upon reading your posts it does not surprise me at the attitude towards Mr P.  since I have been diagnosed and spoke to members of my profession; nursing - I have been amazed at their attitude towards Mr P.  They say things like, well its not like youve got cancer is it.and I want to scream at them. Not because I want sympathy, just a little empathy.

 They just have not got the understanding of the disease and compassion. I think they mentally picture slow thinking, slow walking people who always appear miserable because of their fixed expressions.  I do not decry everyone. I am sure there are caring people.

Ironically my husband and I have both had a form of cancer but fortunately we are ok with that aspect of our health. But cancer has the reputation of the big C which gives the impression that life is going to be soon with a painful death which is not true. I remember years ago rowing the manager of a hospice who would not take in someone with motor neurone disease, who lived on their own and was virtually  totally incapacitated on the grounds that the hospice was primarily for cancer patients. I think I felt even more annoyed when I found out that the majority of people who were inpatients  were out of the area and the funding for the hospice had all come from the local residents.  And the patient with motor neurone disease, which is a dreadful disease was a local resident

There I feel better but I do think it is true there is a lot of ignorance around re Parkinsons Disease.


#9

 

 Many thanks Eileen patricia, it has been a long struggle I just hope it is not a false dawn.

 Hello astoriasis you do not surprise me one bit as I find this attitude all the time even with some of the nurses at the home, it is so refreshing when a new nurse comes that actually asks me and listens to what I have to say about my husbands medication but also very rare.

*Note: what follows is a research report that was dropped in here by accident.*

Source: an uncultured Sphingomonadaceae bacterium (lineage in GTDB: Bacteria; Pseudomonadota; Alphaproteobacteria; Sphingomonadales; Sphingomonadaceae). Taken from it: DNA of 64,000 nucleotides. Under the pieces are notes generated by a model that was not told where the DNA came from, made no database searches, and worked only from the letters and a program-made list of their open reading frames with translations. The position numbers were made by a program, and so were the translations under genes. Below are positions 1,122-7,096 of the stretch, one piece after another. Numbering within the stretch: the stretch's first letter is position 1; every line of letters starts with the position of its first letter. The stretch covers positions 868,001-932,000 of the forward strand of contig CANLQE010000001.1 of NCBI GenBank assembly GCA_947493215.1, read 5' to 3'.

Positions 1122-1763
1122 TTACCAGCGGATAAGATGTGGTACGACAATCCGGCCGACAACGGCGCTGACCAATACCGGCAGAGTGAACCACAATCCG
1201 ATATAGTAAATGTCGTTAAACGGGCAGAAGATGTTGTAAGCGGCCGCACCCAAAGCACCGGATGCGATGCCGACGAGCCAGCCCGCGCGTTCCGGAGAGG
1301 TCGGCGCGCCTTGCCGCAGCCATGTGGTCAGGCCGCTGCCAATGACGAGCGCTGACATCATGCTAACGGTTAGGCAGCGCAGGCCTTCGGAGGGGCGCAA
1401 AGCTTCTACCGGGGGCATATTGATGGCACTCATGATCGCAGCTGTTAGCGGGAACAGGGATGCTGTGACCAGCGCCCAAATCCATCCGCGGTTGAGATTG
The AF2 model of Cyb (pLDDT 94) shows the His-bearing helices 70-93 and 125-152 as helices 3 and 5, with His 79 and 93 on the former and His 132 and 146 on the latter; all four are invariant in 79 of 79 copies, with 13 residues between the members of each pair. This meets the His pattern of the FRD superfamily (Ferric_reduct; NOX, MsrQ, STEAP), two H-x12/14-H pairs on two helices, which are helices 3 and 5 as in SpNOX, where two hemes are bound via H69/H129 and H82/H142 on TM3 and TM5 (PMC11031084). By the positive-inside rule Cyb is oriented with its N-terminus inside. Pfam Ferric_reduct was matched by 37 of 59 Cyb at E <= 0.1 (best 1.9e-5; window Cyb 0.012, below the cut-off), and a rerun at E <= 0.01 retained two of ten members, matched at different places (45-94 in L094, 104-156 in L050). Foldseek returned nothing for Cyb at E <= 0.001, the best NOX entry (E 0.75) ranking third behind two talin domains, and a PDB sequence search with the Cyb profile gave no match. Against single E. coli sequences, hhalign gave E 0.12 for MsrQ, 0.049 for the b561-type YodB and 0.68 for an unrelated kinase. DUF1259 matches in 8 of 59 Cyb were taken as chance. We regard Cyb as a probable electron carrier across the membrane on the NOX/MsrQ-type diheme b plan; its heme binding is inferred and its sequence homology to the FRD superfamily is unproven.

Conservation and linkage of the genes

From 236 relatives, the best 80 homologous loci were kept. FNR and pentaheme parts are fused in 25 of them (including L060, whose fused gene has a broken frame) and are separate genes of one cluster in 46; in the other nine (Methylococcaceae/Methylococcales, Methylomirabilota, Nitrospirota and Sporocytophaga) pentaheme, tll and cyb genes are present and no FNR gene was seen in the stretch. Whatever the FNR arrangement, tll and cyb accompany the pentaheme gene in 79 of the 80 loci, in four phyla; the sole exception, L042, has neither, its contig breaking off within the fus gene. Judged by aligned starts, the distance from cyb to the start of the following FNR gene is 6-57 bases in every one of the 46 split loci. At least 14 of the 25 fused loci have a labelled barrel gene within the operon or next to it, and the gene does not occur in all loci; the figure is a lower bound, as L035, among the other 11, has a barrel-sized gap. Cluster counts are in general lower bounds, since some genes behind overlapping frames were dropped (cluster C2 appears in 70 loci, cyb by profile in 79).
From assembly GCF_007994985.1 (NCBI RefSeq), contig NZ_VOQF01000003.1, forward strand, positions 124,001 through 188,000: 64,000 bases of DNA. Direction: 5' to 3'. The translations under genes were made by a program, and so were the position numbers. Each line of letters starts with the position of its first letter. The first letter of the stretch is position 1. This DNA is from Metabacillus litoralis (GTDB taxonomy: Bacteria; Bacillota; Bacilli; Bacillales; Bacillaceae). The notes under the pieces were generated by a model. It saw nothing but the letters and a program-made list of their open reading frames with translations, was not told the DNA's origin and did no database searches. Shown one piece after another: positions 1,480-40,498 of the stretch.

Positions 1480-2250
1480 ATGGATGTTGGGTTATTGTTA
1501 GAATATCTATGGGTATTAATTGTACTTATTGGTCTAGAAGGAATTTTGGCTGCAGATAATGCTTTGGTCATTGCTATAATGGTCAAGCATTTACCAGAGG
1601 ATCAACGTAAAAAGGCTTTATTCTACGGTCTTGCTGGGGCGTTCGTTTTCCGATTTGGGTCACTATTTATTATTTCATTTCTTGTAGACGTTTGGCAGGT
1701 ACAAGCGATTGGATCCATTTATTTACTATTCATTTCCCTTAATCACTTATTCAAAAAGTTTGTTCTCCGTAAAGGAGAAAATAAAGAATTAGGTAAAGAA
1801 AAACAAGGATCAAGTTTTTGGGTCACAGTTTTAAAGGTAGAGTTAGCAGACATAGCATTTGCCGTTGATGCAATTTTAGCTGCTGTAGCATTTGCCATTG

My frustration is that is in all the years my husband has had PD which is nearly 40 years now that nothing has changed much at the sharp end of people looking after people with PD, if you have good care in any shape or form don't rest easy as in our experience when a good consultant retires the whole situation changes and it seem things are going backwards these day's. There are less clinic's that are like the multi or movement clinics where all aspects of Parkinson's is treated in one clinic, this was a model standard a few years ago and are now a great loss.

Most pwp's and their carer's dread hospital stay's as even neurological wards have proved to have little understanding about medication on time never mind general wards, the answer must be better training of nurses both in general and mental health before they qualify, it need to be inbred in their brains that this condition lasts a lifetime only getting more complex as time goes on.

We too were told by a close relative that "well he only has to keep taking the pills" it's a good job I am a calm person and bite my tongue, but I am also a passionate person about pwp's and their carer's and frustrated by this lack of progress in understanding of PD.

 I have now joined another branch committee in answer to a request by my close friend an ex PD nurse, I was too tired for the first couple of years after my husband went into a nursing home but I was very honoured to have been asked as it is a privilege I just hope I can be of some help.

kind regards

vivian


#10

HI Vivian

You have had a difficult time for what must at times feel like an eternity. And you must at times Question why. At the moment Mr P for me is not very difficult, I shake a bit, get cramps, and an uncanny tiredness and get aches and pains where I have never had them before but please dont think I am complaining.  I have come to terms with it but thinking about the future terrifies me.  I just cant go there.  I read all the current literature about euthenasia but then get worked up about things and feel dreadful.  So, I have reached the conclusion, it is not the time or the place and I